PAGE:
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A boy stands near a backfire which the inhabitants of Aidara laid
in order to bring the forest fire under their control.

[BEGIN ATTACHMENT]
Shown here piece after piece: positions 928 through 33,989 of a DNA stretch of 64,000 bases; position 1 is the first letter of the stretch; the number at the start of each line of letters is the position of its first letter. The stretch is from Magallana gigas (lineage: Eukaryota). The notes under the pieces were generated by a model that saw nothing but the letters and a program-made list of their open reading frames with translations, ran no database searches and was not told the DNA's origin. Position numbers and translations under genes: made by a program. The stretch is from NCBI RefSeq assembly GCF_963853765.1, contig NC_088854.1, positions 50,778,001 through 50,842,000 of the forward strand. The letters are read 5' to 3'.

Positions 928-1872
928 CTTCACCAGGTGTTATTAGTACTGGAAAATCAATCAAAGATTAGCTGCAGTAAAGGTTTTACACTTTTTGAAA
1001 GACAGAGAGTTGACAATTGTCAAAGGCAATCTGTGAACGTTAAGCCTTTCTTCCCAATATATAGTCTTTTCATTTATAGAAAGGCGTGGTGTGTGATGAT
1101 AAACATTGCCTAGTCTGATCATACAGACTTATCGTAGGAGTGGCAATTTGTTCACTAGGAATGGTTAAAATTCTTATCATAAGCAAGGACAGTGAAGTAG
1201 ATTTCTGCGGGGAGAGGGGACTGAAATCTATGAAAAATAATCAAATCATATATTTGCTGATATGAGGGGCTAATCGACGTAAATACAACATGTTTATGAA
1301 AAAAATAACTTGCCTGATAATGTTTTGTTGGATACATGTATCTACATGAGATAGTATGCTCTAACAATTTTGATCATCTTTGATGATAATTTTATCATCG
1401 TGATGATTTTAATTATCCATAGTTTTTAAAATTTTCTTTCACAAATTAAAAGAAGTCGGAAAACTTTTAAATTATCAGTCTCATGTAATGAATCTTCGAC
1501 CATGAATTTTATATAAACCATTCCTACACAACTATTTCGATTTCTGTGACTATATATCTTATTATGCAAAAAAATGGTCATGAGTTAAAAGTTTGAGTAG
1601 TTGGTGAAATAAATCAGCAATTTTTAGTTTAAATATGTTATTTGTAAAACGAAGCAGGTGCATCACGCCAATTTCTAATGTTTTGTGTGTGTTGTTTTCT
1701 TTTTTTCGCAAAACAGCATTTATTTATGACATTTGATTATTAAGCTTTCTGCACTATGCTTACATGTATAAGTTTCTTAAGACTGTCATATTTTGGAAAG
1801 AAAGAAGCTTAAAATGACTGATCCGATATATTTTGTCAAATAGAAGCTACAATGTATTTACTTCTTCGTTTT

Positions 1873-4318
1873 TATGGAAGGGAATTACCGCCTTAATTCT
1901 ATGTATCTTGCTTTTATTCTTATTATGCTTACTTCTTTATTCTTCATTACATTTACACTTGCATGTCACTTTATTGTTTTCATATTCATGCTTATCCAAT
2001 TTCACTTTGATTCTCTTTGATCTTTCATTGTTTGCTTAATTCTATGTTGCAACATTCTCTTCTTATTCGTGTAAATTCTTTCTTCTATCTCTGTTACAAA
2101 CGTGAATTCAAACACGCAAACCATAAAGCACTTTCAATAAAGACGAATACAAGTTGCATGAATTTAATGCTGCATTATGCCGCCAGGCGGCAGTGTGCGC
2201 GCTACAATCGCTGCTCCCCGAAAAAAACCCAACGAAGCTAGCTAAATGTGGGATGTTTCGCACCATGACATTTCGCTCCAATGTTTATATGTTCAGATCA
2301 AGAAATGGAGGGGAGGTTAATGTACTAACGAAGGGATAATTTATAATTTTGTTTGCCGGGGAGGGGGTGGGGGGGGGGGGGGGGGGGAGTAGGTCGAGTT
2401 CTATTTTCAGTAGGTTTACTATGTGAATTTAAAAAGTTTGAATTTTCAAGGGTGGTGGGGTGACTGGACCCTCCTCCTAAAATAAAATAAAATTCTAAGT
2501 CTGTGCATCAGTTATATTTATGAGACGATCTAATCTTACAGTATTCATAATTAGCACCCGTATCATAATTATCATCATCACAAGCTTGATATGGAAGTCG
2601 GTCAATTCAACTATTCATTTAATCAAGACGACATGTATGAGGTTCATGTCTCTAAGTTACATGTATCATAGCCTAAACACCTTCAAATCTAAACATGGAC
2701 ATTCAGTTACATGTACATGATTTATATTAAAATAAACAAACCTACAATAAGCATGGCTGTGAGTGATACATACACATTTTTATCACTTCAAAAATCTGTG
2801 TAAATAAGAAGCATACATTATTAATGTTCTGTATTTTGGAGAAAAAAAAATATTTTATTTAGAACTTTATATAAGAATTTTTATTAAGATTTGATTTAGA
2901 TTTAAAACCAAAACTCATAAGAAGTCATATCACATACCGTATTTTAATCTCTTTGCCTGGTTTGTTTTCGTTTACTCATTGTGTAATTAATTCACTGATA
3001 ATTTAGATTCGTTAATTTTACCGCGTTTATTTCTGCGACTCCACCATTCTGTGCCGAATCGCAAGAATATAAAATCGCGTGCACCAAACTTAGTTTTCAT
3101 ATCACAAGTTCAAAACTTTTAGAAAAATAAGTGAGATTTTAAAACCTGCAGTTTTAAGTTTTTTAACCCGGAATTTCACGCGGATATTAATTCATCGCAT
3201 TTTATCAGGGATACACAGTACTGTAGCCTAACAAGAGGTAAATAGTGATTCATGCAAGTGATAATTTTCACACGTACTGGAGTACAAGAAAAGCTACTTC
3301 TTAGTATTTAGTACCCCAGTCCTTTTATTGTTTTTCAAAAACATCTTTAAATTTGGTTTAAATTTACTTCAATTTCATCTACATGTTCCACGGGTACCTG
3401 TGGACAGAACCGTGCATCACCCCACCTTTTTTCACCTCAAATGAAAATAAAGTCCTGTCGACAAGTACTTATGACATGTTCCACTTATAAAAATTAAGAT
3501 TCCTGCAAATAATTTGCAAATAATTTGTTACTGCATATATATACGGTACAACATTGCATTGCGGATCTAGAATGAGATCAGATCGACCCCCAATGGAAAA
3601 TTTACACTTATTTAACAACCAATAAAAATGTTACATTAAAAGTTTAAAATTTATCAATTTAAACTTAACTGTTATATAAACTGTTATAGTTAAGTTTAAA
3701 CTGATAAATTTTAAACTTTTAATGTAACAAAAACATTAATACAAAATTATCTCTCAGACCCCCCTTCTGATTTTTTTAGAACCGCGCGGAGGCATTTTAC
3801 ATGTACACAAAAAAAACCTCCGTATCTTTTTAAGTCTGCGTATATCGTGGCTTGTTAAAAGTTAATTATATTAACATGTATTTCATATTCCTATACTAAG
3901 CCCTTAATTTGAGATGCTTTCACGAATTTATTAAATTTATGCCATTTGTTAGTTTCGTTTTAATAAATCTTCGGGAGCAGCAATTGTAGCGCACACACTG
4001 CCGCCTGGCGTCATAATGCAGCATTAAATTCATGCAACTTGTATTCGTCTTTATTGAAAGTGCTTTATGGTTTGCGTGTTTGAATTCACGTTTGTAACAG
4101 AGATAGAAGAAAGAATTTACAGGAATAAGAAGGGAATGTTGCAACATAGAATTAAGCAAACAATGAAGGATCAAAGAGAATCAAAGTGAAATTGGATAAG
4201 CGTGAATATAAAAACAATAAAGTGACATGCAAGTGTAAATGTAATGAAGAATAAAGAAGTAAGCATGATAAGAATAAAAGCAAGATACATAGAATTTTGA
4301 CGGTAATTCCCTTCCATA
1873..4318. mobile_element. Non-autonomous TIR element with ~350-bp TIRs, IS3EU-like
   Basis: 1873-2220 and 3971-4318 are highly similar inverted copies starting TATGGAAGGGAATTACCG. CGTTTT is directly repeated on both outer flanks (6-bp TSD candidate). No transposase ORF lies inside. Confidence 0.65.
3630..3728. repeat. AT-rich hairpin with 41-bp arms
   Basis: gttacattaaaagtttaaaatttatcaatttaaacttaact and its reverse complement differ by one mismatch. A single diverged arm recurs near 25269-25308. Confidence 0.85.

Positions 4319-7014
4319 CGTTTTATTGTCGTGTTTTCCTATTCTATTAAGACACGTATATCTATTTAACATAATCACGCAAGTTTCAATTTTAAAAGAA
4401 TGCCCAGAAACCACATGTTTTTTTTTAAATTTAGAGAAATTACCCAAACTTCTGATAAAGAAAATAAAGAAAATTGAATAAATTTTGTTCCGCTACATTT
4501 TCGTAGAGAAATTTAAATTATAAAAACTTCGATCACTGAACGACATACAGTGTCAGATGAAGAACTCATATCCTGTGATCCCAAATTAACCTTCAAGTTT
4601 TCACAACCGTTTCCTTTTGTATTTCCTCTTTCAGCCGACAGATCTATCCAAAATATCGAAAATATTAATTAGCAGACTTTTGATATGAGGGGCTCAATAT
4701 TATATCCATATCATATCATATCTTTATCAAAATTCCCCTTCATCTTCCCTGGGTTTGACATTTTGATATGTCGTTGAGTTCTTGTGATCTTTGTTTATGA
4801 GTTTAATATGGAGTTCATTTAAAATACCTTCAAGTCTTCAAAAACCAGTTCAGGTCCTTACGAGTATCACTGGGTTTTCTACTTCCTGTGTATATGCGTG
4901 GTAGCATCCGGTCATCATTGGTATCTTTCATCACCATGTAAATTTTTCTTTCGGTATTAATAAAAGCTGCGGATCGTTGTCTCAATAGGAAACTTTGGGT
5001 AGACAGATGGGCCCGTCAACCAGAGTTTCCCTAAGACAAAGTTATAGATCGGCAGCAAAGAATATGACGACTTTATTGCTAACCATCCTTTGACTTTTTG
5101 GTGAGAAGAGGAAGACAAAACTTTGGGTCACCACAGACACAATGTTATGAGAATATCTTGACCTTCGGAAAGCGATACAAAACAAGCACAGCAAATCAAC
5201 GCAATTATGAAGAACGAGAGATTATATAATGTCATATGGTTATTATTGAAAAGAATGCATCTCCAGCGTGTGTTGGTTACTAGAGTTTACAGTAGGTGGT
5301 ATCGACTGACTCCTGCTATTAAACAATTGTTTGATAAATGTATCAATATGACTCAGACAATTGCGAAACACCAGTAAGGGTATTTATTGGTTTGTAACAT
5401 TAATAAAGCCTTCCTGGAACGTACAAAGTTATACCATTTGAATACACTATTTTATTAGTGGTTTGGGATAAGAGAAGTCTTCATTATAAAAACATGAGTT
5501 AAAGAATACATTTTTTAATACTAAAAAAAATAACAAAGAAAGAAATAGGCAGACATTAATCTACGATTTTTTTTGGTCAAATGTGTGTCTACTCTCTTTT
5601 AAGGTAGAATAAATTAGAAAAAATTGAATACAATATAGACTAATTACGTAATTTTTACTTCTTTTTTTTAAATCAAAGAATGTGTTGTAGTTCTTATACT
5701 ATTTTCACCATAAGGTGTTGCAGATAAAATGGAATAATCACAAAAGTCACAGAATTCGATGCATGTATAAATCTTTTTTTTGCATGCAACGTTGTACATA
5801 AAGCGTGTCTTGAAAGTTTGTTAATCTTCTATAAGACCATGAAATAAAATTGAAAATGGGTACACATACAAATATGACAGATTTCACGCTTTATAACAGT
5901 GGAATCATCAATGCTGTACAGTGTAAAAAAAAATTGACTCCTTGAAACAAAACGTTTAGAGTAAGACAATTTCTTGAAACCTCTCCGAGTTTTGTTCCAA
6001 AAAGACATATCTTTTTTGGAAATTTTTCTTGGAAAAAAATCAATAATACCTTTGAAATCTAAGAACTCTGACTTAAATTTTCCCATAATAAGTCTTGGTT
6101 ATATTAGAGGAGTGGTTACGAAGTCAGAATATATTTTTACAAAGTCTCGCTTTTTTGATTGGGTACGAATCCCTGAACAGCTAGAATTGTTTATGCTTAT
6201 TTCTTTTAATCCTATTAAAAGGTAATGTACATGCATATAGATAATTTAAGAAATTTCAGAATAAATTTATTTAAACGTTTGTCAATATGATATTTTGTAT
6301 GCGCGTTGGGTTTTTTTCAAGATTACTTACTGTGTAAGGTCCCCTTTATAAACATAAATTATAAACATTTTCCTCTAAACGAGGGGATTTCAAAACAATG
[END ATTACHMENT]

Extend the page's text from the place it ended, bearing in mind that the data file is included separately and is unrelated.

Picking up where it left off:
Isolated in the West Siberian plain, the village of Aidara is only reachable by the river Ket through a passage that requires attention and experience as fallen trees often create obstacles under the water’s surface. The next biggest settlement is about three hours downriver, and seemingly endless forest spreads out at the outskirts, reaching deep into the Siberian wilderness. The village of 150 inhabitants mainly consists of a community of Russian Orthodox Old Believers who live by the strict rules of their religion. Russian Orthodox Old Believers see themselves as the preservers of original Orthodox traditions, after they separated from the main church as a protest against reforms in the 17th century. Due to a history of persecution in Tsarist Russia, Old Believers have mostly settled in more isolated locations. Beside their practices of faith, the everyday life of Aidara’s inhabitants consists of exhausting agricultural work on the fields and in their gardens – their sustenance is almost wholly self-sufficient.